Pedicle screw handling techniques “lead to contamination of screws”

Guarded pedicle screws being used in spine surgery. Courtesy: Spinal Balance

Standard pedicle screw handling techniques lead to contamination of screws and therefore the screw-bone interface, according to the findings of a prospective multicentre study published in the Clinical Spine Surgery Journal. The study’s corresponding author, Aakash Agarwal (University of Toledo, Toledo, USA) writes that this could be avoided through the use of a sterile intraoperative guard (Spinal Balance), preinstalled inside the individually packaged sterile screws, shielding them from contamination until implantation.

According to Agarwal, postoperative infections occur at the higher end of 2–13% of posterior thoracic and lumbar instrumented fusions, and, despite concerns associated with vancomycin application immediately before closure, it is “theoretically impossible” to irrigate the screw-bone interface post-implantation, he writes. Consequently, Agarwal notes, any contamination of the pedicle screw before implantation is permanent and has the potential to cause deep-bone infection, or hardware loosening due to encapsulation of biofilm and the screw.

In order to assess bacterial contamination in current practices Agarwal and colleagues studied pedicle screw handling at five independent hospital groups, comparing it to a novel method utilising an intraoperative, sterile implant guard for screws. Two groups of pre-sterile individually-packaged pedicle screws, one encased with the sterile, protective guard (group 1: G) and the other without such a guard (group 2: NG), comprising 31 samples in each group, were distributed over 28 spinal fusion surgeries at the five institutions and monitored by Agarwal and his team.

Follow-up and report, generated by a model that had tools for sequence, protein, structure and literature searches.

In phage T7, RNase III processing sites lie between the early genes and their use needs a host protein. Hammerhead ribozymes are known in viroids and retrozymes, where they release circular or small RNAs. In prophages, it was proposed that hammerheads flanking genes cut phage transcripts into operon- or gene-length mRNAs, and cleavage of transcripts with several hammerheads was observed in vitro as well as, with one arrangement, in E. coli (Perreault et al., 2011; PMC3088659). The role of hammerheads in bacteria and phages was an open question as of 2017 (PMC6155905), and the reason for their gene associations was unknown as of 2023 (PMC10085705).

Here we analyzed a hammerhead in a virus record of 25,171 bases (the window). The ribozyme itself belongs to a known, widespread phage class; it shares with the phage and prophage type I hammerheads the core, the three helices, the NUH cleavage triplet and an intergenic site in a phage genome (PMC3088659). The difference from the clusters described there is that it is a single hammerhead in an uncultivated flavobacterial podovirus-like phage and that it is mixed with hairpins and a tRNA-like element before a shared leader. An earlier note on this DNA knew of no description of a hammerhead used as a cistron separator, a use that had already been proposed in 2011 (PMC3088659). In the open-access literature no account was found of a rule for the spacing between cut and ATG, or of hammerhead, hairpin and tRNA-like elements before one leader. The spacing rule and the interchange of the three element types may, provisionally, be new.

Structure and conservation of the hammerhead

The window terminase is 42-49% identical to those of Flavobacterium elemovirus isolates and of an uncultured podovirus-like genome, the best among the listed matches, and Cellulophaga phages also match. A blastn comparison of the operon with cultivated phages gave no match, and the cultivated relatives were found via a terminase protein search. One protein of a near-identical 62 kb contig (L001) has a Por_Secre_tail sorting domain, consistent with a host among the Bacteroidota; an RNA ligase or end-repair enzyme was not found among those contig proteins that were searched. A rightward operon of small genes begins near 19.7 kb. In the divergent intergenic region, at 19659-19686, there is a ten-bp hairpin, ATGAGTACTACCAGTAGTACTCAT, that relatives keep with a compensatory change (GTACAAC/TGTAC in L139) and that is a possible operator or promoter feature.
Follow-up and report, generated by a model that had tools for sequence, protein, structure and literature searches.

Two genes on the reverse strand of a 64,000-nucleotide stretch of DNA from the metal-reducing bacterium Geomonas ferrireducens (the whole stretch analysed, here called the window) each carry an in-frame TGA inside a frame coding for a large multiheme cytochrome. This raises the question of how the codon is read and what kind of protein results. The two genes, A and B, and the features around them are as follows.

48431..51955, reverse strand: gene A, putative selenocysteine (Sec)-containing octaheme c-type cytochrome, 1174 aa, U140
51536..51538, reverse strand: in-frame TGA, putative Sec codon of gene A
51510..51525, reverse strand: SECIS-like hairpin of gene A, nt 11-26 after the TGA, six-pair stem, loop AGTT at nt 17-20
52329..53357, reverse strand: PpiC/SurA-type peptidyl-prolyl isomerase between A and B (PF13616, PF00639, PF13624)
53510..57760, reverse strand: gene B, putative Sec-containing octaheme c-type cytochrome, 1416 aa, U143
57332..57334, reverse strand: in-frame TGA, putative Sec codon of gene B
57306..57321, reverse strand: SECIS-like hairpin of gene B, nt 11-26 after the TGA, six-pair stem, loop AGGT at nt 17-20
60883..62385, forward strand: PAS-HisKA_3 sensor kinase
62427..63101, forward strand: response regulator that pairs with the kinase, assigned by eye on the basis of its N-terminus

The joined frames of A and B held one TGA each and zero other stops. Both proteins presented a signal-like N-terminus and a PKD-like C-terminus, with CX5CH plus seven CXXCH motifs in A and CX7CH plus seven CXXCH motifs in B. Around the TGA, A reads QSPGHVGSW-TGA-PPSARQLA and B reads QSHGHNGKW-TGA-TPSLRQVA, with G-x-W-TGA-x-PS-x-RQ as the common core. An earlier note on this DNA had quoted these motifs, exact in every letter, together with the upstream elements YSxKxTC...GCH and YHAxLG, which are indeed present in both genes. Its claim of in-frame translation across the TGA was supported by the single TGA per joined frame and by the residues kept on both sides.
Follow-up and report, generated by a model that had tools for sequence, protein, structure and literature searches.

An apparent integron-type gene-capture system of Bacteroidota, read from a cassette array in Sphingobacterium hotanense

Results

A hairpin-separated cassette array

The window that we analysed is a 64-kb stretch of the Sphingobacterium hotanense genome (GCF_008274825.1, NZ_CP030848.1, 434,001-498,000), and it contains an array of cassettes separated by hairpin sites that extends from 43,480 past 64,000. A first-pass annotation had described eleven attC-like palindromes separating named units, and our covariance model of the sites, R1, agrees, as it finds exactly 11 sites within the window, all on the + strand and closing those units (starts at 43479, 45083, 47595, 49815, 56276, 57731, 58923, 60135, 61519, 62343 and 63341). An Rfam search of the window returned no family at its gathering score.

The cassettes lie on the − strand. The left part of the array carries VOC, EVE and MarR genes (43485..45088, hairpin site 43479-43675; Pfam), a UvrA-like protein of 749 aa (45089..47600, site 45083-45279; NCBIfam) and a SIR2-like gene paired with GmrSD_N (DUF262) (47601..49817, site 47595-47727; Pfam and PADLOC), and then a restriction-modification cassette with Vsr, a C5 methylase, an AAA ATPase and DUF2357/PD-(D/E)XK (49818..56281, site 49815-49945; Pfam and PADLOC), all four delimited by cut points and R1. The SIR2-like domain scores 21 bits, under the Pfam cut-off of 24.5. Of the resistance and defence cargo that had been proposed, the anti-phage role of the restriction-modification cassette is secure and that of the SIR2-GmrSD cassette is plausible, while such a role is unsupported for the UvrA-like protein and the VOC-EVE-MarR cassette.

During surgery, screws from each group were held and loaded by the scrub tech, and subsequently left on the “sterile” working table. Approximately 20 minutes later, the lead surgeon, who had finished preparing the surgical site, examined the pedicle screw, to check the fit with the insertion device, and, instead of implantation, it was transferred to a sterile container using fresh sterile gloves for bacterial analysis.

Summarising the results, Agarwal writes that the standard unguarded pedicle screws presented bioburden in the range of 105 to 107 colony-forming units per screw, whereas the guarded pedicle screws showed no bioburden.

“The crucial information unmasked here is the presence of bacterial contaminants on pedicle screws when handled using currently accepted ‘sterile’ techniques, that is, without guards,” Agarwal writes in summarising the findings from the study. “These screws then get imbedded into patients with the contaminants in contact with the patient’s bone at the screw-bone interface.”

According to Agarwal, the study has demonstrated that using a guard around the sterile implant, which shields the screw intraoperatively until it is implanted into the patient, significantly decreases bacterial count and growth. “This may not eliminate SSI [surgical site infection] altogether as it is multifactorial in nature, but should be an important precautionary measure against it, or against the subclinical and chronic infections leading to screw loosening and pain.”

Agarwal writes: “This study provides multicentre clinical evidence that standard pedicle screw handling techniques lead to contamination of pedicle screws and thereby the screw-bone interface. This can be avoided by using a sterile intraoperative guard, which can come preinstalled inside the individually packaged sterile screws, thereby shielding the pedicle screws intraoperatively until implantation.”


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